Children who have been victims of violence are more likely to drop out of high school before graduation than their peers, according to a new study co-authored by a Duke scholar.
Girls who had experienced childhood violence were 24 percent more likely to drop out, while boys who had experienced violence were 26 percent more likely to drop out than their peers.
One in five people in the United States drop out of high school before graduation, which decreases their lifetime earning potential by 20 percent. Yet there has been little previous research into the link between being a victim of violence before the age of 16 and dropping out of high school.
The study, "Child Abuse, Sexual Assault, Community Violence and High School Graduation," was published in the November issue of the journal Review of Behavioral Economics.
The researchers used data from the National Comorbidity Survey Replication and the National Survey of American Life to create a sample set of 5,370 females and 3,522 males. The sample was restricted to people born in the United States to create a more consistent data set.
Within the sample of more than 8,800 respondents, 34 percent of women and 29 of men reported being the victim of some sort of violence before age 16. Twenty-one percent of women reported sexual assault as opposed to 6 percent of men.
"Actually, we were stunned by the magnitude of the violence directed against young women and young men," said William A. Darity, professor at Duke's Sanford School of Public Policy, director of the Samuel DuBois Cook Center on Social Equity and a co-author of the study.
"Moreover, these assaults are not confined to any social class, racial, or ethnic group," he said. "This is authentically an American problem. One of its manifestations is the negative effect on persistence in school for many of the victims."
Because most states require compulsory education until age 16, the study focused on the association of dropout with violence experienced between the ages of 1 and 15.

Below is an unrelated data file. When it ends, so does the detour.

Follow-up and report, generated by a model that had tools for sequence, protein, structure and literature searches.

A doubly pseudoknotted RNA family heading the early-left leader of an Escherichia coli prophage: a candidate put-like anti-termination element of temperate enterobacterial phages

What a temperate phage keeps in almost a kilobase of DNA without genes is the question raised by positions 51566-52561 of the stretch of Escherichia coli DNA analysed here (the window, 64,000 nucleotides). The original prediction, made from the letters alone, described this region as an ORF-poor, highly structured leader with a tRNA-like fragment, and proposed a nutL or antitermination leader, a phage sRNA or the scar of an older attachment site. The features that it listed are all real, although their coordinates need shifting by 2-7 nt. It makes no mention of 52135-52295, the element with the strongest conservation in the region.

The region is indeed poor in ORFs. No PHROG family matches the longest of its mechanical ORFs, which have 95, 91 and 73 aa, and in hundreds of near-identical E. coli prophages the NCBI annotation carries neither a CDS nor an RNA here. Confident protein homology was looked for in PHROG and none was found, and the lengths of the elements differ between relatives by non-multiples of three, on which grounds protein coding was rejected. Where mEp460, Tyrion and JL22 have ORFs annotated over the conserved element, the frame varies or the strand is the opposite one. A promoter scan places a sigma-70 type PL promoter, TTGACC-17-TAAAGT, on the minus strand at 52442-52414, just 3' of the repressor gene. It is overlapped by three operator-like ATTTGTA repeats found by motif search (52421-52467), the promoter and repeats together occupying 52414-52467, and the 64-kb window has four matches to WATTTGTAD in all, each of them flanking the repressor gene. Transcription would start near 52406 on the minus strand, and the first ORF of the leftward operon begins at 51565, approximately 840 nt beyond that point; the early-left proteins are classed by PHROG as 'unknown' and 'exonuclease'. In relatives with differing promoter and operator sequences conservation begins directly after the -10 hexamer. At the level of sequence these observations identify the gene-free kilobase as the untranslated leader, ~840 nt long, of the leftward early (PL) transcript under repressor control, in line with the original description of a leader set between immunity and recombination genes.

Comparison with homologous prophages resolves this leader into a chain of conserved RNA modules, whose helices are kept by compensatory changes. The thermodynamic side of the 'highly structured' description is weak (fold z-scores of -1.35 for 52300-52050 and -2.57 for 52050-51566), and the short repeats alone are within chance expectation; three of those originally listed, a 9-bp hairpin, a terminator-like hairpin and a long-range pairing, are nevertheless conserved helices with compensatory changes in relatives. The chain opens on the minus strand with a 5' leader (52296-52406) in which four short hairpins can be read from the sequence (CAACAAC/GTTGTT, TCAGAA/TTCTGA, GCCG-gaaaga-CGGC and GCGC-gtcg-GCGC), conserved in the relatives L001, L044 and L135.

Dropout rates for people who experienced any type of violence before age 16 were compared with the rates for people who did not experience violence during the same time frame.
The researchers categorized violent experiences into three kinds: child abuse, sexual assault and community violence. Community violence was defined as violence experienced outside the home, such as being mugged or beaten by anyone other than parents. Sexual assault included violence both within the home and in the community.
They found significant differences between men and women for the three types of violence experienced. Men suffered more from community violence, 12 percent versus 3 percent for women, while more women experienced sexual assault, at 21 percent versus 6 percent for men.
Women who suffered a combination of both sexual assault and child abuse were the most likely to dropout. Among men, the highest dropout rate was highest for those who were victims of both child abuse and community violence.
Male and female victims of home violence also left school early at a higher rate than their peers who did not report experiencing violence.
Surprisingly, victims of sexual assault who experienced no other violence were no more likely to drop out than their peers who were not victims. This held true among both males and females.
The study suggests that policies to reduce violence against children or assist children in coping with violence will have the additional benefit of lowering the national dropout rate.
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Timothy M. Diette et al, Child Abuse, Sexual Assault, Community Violence and High School Graduation, Review of Behavioral Economics (2017). DOI: 10.1561/105.00000065